Environment

Join the Conspiracy

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December 11  |  Community, Environment  |   Carl Guardino

Here’s food for thought . . . Christmas – That time of year when we spend money on people we don’t like, for things they don’t need, with funds we cannot afford.

Let’s reset. Join me in a conspiracy – an Advent Conspiracy – by cutting out even one gift and giving to someone truly in need.

Here’s perspective:
• In the U.S. alone, Americans will spend $450 billion during the holiday season.
• For $10 billion, we could ensure fresh, clean drinking water for every person on the planet.

Why does fresh drinking water matter? Currently, one in nine people on the globe – 785 million people – lack access to fresh drinking water.

Fifty percent of the people on the planet have lower water quality than that enjoyed by citizens of Rome 2,000 years ago.

In Cambodia, three of every four deaths are the result of water-borne diseases.

Every 20 seconds a child dies due to lack of access to clean drinking water.

Just think – money saved on one less gift can save one additional life.

Join the conspiracy. Whether around the world or around your block, give to someone in need.

Happy Holidays!

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Partnerships and Progress

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June 5  |  Education, Environment, Federal Issues  |   Carl Guardino

Someone once said, “If you want to go fast, go alone. If you want to go far, go together.”

Last Friday, the Silicon Valley Leadership Group was honored to bring together more than 20 vital community partners for our 2nd Annual “Regional Economic Forum,” with nearly 400 diverse Valley leaders in interactive dialogue on Regional Competitiveness, California Competitiveness, and U.S. Competitiveness.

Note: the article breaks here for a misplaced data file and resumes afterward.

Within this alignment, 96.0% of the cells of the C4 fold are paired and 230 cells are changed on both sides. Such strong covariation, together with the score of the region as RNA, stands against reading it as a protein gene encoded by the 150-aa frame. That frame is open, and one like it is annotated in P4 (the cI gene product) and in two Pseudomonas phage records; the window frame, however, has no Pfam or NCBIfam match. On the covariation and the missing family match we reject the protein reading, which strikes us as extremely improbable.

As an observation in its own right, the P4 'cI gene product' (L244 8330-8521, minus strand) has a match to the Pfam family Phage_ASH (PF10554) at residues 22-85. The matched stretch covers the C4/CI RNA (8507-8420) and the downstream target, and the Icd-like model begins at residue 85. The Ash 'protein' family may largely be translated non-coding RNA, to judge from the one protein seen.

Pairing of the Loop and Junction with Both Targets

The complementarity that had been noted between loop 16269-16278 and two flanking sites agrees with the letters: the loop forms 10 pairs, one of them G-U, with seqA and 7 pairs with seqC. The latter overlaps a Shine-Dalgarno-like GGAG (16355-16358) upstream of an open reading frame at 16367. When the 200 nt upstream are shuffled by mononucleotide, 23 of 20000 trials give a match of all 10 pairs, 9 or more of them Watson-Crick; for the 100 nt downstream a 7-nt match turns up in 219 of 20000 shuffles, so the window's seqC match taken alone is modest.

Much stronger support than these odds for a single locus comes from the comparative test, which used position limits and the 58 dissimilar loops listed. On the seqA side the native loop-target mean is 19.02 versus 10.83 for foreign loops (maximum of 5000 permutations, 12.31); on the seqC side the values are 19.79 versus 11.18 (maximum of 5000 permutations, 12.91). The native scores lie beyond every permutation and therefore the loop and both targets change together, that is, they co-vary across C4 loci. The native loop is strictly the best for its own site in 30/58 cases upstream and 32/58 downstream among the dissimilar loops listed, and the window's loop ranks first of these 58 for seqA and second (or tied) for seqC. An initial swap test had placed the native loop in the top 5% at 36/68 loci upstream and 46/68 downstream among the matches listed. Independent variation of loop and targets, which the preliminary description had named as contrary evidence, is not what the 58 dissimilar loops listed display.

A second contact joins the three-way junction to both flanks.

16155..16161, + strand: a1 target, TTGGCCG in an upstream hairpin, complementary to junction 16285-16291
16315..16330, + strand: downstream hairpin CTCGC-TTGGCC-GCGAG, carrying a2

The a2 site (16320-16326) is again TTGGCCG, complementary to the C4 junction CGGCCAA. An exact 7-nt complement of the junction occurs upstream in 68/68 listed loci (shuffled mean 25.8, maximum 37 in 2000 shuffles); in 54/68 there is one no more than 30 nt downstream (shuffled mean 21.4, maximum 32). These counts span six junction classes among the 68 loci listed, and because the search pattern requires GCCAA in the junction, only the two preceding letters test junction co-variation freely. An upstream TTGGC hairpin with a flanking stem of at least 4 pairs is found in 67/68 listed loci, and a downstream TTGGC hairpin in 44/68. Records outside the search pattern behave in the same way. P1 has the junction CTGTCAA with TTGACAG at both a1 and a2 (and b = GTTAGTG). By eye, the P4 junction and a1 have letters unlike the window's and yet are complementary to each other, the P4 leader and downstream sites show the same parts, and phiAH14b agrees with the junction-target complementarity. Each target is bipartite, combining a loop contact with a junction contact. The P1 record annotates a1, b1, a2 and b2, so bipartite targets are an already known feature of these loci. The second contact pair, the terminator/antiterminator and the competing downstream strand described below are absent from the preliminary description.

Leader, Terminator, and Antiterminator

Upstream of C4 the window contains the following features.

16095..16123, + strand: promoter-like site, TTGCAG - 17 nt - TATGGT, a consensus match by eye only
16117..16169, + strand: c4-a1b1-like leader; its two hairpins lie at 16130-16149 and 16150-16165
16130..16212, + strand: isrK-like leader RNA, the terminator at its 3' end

With our diversity, we found unity – around the need for meaningful California Environmental Quality Act (CEQA) reform, comprehensive immigration reform, and bold education reforms that put kids – rather than adults – first.

Our Regional Economic Forum was one of 16 forums around the state, leading up to the November 7-8 Statewide Economic Summit to be held in Los Angeles, thanks to the leadership of California Forward and the California Stewardship Panel.

We often ask, do these forums ever move from rhetoric to results? At last year’s forum, we gathered momentum and allies in our efforts to secure a Regional Patent Office (success) and movement for CEQA Reform (progress).

To learn more about last week’s Forum, read the San Jose Mercury News article here. More important, contact me directly to engage on your priority issues in our work plan. At the Leadership Group, our Members set and direct our agenda, leading to powerful results and meaningful partnerships. Join us.

(Note: The Forum panels were all recorded and will be broadcast on 1590 AM KLIV. One panel will air each week on Friday at 8 pm and you’ll be able to find the podcasts at http://svlg.org/press/ceo-show)

 

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CEO Business Climate Survey: Celebrate our Strengths, Work on our Weaknesses

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March 6  |  Education, Environment, Government Relations, Transportation  |   Carl Guardino

We recently released our tenth annual CEO Business Climate Survey – completed by 177 Silicon Valley CEOs and senior officers, who drive the earth’s innovation economy.

The message was clear – celebrate our strengths, while also acknowledging and addressing our weaknesses.

First, our strengths, which I call the “six “t’s” of Silicon Valley’s secret sauce:

* Access to skilled labor – talent
* Entrepreneurial mindset – temperament
* Proximity to customers and competitors – territory
* World class universities – training
* Access to venture capital – treasure
* The climate and weather – temperature

Second, our weaknesses:

* High housing costs
* High personal income tax rates for our workers and families
* Business regulations – especially the misuse of the California Environmental Quality Act
* Traffic congestion

The full survey results are available on our web site at svlg.org. Let’s make time to make a difference.